I recently spent three days in Albany, NY attending a P-3 Instructional Learning Summit. The purpose of the conference was to bring school districts from New York State together and discuss upcoming curricular changes that will be rolled out during the 2020-21 school year. Even though this conference wasn’t focused on sports or coaching, I did find one big takeaway that is directly related to coaching and how athletes build their sport specific skills.
The keynote speaker spent a great deal of time discussing how kids learn through play. One of my big AHA moments came when she began talking about 21st century skills and how kids learn.
Cultivating 21st Century Skills: Successful Learning
The four traits of successful learning she began discussing directly relate to how athletes learn sport specific skills. For the purpose of this article, I’m going to spend some time applying these four skills to how athletes learn how to throw, develop their throwing skills, and how participating in track & field develops life skills that can be applied and implemented to their life.
1. Mentally Active
What does it mean to be mentally active in sport, and specifically mentally active in throwing? My interpretation of mentally active learning in throwing is what an athlete is doing when they are not in the circle, but outside of it. Think about this for a moment. Do you ever notice or pay attention to your athletes after they have taken a throw and stepped out of the circle? What do some of your athletes do? Do they engage with their cell phone, engage with their peers, get a drink, or do you see then not say anything but mentally play back what just happened? This skill may be difficult to observe however it may be something that you know as a coach when you see it. Being deliberate and focused may be another way to explain what being mentally active is about—thinking about and visualizing what you are going to do in the circle before you step in the circle. Rather than going through the physical motions of throwing for the sake of getting reps in, athletes are thinking about what they want to do before stepping in the circle and making an effort to focus on a specific skill that they may be working on for the session.
Of the four 21st century skills, being engaged may be the easiest skill to observe during a throwing practice. Are your athletes engaged in practice? Is there a lot of conversation going on between you as the coach and your throwers? In my experiences, I feel as though my throwers are more engaged in practice, meets, and the season as a whole when they are given the autonomy to be part of the planning process. I have been told on more than one occasion by other coaches that I give my throwers a lot of say in how we practice, what events we practice on given days, and the events they will be competing in at meets. Yes, I am guilty of all three. When I ask my athletes how they are feeling, what they think they want to focus on during that session, or what events they think they will compete in the best at a meet, and I am making them think about those questions among other things. Giving athletes autonomy leads to heightened levels of engagement, which I think is what we want from our throwers. Now, don’t get me wrong. I typically have a flexible training session plan in my head before practice, but I more often than not ask my athletes what they think they should be focusing on for the upcoming session. This gives them an opportunity to think about what they are going to do during that session, but most importantly it makes them think and have to verbalize why they think they should focus on that particular skill or set of skills during that session. I do this with high school throwers as well. It makes them feel part of the process and invested in how practice is going to be structured because they are providing input about it.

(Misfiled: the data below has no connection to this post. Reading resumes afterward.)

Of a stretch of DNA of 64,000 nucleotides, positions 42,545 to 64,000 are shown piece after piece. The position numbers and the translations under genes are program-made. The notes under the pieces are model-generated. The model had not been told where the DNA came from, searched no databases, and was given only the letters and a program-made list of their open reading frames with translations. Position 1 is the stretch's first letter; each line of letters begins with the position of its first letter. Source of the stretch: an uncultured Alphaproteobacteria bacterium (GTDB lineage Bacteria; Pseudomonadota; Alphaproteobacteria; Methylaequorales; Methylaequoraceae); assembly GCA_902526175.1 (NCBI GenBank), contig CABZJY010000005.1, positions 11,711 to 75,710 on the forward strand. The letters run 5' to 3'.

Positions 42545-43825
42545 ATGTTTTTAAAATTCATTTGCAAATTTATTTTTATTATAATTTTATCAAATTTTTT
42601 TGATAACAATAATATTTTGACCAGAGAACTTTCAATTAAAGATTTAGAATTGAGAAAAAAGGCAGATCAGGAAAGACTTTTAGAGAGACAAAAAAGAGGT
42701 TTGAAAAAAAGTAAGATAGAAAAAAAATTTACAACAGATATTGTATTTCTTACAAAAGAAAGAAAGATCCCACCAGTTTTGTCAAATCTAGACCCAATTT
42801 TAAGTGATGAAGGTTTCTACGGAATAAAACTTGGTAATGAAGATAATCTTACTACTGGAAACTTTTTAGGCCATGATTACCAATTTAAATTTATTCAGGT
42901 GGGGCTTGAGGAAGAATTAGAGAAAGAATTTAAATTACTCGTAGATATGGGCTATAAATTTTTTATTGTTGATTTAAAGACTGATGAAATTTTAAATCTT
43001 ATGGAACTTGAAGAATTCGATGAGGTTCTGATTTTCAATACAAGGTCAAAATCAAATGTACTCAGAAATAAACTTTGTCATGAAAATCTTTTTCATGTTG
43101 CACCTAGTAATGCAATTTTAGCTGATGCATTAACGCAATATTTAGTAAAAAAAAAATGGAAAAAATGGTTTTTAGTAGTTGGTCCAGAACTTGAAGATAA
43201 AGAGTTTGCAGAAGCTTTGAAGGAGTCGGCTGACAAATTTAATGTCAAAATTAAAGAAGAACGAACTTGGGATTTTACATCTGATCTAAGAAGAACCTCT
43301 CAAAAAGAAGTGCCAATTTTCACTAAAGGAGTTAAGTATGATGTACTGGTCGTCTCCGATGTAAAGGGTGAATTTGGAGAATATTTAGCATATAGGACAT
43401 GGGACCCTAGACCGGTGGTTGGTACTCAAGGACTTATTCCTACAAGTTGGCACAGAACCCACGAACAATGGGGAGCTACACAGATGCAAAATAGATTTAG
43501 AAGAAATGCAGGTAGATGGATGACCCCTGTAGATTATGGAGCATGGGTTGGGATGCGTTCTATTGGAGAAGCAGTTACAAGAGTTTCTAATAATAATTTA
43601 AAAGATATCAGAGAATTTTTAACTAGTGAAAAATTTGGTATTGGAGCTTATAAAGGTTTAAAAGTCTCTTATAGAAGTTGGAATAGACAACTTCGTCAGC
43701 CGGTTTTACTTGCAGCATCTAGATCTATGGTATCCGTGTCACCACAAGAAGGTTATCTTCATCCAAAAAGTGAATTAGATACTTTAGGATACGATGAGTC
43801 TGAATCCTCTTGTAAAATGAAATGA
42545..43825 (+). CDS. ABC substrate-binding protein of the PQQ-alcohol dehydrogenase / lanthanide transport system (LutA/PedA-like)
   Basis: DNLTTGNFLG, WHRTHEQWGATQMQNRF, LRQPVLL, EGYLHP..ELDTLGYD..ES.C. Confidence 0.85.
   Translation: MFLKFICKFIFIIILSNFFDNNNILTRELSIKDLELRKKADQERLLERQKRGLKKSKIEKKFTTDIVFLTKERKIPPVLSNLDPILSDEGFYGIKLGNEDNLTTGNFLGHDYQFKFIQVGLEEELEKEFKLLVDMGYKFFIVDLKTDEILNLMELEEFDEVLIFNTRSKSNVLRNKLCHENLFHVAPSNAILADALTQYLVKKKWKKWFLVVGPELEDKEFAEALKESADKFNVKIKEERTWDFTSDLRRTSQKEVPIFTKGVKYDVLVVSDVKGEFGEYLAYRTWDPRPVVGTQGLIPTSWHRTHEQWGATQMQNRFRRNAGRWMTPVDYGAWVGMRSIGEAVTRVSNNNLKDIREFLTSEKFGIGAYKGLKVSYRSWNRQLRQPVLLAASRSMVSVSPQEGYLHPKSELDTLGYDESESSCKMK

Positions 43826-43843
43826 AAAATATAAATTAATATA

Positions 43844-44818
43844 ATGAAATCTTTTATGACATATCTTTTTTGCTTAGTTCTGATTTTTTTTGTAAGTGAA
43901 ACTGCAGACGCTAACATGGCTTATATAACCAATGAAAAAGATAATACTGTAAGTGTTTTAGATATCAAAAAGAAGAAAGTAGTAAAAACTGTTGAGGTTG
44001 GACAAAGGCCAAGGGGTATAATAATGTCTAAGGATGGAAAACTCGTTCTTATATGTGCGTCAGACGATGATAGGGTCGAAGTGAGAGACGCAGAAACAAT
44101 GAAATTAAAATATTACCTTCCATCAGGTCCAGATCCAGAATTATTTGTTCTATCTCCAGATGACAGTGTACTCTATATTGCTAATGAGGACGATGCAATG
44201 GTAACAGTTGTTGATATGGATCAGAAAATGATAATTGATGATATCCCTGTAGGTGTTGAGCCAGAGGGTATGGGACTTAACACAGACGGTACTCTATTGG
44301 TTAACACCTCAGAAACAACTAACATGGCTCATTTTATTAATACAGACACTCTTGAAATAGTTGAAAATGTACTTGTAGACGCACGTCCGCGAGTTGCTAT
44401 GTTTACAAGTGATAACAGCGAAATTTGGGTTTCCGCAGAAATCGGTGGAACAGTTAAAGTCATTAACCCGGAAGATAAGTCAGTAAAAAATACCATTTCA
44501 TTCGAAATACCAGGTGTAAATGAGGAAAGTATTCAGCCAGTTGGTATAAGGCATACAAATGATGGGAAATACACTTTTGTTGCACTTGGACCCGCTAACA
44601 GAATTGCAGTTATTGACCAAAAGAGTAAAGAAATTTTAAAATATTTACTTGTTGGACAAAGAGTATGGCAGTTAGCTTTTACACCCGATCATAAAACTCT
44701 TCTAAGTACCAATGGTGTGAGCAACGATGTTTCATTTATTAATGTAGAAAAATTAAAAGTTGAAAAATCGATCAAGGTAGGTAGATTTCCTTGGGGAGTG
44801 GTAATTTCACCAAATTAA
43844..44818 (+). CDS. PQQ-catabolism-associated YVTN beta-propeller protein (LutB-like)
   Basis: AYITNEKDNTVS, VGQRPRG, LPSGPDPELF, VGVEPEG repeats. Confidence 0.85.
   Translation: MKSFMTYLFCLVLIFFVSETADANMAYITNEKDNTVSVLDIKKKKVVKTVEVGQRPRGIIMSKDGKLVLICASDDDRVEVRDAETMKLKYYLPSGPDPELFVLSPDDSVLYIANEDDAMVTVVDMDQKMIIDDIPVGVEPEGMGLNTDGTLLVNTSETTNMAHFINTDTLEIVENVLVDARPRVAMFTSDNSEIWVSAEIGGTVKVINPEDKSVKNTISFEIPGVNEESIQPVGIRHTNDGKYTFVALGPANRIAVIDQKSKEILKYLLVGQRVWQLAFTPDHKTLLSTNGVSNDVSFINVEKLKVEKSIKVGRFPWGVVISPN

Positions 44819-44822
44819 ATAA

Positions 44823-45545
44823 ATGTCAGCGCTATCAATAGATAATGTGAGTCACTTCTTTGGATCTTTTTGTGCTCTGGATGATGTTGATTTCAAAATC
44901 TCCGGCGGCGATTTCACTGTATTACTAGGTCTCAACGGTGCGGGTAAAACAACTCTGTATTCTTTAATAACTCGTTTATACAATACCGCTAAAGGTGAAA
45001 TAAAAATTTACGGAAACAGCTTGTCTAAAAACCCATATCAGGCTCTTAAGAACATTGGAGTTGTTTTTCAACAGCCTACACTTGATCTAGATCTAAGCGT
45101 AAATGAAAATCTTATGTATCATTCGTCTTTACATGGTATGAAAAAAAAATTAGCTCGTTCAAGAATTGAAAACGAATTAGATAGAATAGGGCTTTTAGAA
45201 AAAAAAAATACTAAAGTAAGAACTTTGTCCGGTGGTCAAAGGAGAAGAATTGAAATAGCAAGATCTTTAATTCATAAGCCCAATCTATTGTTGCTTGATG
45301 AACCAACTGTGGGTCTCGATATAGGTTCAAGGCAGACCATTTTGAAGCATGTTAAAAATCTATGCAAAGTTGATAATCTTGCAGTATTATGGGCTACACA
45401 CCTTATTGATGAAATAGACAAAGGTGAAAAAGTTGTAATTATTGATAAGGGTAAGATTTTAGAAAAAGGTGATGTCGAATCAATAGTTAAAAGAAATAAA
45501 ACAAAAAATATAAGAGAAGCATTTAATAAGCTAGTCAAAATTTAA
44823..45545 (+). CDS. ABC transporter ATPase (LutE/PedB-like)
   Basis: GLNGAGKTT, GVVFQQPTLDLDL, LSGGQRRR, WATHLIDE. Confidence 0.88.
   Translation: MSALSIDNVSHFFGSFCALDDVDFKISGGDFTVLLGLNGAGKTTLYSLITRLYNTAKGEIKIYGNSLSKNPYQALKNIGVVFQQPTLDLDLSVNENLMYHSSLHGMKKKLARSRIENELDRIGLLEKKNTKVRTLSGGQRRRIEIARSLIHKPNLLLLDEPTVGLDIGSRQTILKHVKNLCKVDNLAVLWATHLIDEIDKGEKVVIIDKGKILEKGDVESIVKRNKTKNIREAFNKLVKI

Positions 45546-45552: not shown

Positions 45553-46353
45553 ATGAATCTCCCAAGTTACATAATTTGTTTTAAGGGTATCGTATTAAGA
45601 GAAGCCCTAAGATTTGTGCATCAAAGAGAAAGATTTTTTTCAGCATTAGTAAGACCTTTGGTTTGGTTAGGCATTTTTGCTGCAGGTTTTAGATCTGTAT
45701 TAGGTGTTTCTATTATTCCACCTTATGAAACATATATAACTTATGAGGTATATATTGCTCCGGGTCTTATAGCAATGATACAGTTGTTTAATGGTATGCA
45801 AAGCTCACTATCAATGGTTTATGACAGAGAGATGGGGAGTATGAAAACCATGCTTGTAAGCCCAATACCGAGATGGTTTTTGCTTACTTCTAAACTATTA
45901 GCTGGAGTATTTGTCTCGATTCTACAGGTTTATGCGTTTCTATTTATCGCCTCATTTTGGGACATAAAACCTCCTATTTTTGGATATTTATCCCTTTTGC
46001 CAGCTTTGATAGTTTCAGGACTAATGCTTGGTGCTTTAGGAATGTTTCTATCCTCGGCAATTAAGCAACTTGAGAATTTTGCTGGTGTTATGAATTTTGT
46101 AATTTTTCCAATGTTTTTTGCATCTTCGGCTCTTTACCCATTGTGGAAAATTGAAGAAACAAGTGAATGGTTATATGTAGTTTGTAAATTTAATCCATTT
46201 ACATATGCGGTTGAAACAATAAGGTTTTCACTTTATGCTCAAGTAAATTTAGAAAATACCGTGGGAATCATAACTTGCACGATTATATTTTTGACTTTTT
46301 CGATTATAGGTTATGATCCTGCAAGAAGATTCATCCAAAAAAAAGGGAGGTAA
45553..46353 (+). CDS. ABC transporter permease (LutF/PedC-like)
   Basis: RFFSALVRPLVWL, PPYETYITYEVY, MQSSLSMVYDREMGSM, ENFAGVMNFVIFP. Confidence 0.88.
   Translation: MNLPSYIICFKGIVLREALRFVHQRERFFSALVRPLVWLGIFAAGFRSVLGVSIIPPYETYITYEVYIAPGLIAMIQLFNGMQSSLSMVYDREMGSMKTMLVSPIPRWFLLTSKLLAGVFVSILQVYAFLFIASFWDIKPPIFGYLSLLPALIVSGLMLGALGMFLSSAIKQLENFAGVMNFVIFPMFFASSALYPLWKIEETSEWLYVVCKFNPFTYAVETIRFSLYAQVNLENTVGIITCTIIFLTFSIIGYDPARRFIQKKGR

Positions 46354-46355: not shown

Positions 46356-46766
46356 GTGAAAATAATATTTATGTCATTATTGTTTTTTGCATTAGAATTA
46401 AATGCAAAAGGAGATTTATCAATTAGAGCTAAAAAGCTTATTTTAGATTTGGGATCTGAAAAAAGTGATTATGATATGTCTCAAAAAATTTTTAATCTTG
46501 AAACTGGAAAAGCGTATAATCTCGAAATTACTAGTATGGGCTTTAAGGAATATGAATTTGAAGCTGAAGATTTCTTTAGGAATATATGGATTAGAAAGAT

3. Socially Interactive
I think this one is pretty self-explanatory. Are your athletes socially engaged and interactive during practice? You may be thinking that this skill is contradictory of the first skill I introduced, mentally engaged. I think you can be socially interacting with your peers and coach while also mentally engaged in the throwing skills you are focusing on during practice. I have only coached a couple of collegiate athletes that were not socially engaged and interactive with their peers. Unfortunately, they did not last long as members of our team. I don’t believe all throwers on the same team have to be best friends, but I do believe they should be able to get along with each other and be respectful.
4. Building Meaningful Connections to Their Lives
This is the skill that has the longest lasting effect on athletes. Through throwing, how are we as coaches able to build in opportunities to connect throwing to the real world? At times I probably spend more time than I should trying to build in “life” conversations in practice, traveling to meets, and at meets. For the most part, I don’t believe my younger athletes know the conversation is happening. My juniors and seniors probably sense when the conversation is beginning to happen, but they humor me and engage. These conversations have the longest lasting impact, yet they may not manifest themselves for two, four, or six years down the road. Some of the skills I’m referring to are; 1) communication skills, 2) how to overcome adversity, 3) positively channeling our emotions, and 4) engaging peers and those in authority.
What are other 21st century skills you see that are valuable in coaching? How are you able to adapt and implement those skills?
As always, thanks for reading ~ Charles
Dr. Charles Infurna
Charles Infurna, Ed.D., is the owner and lead coach of Forza Athletics Track Club. Dr. Infurna has coached National Record Holders, National Champions, All-Americans, and Conference Champions at the Post-Collegiate, Collegiate, and High School level.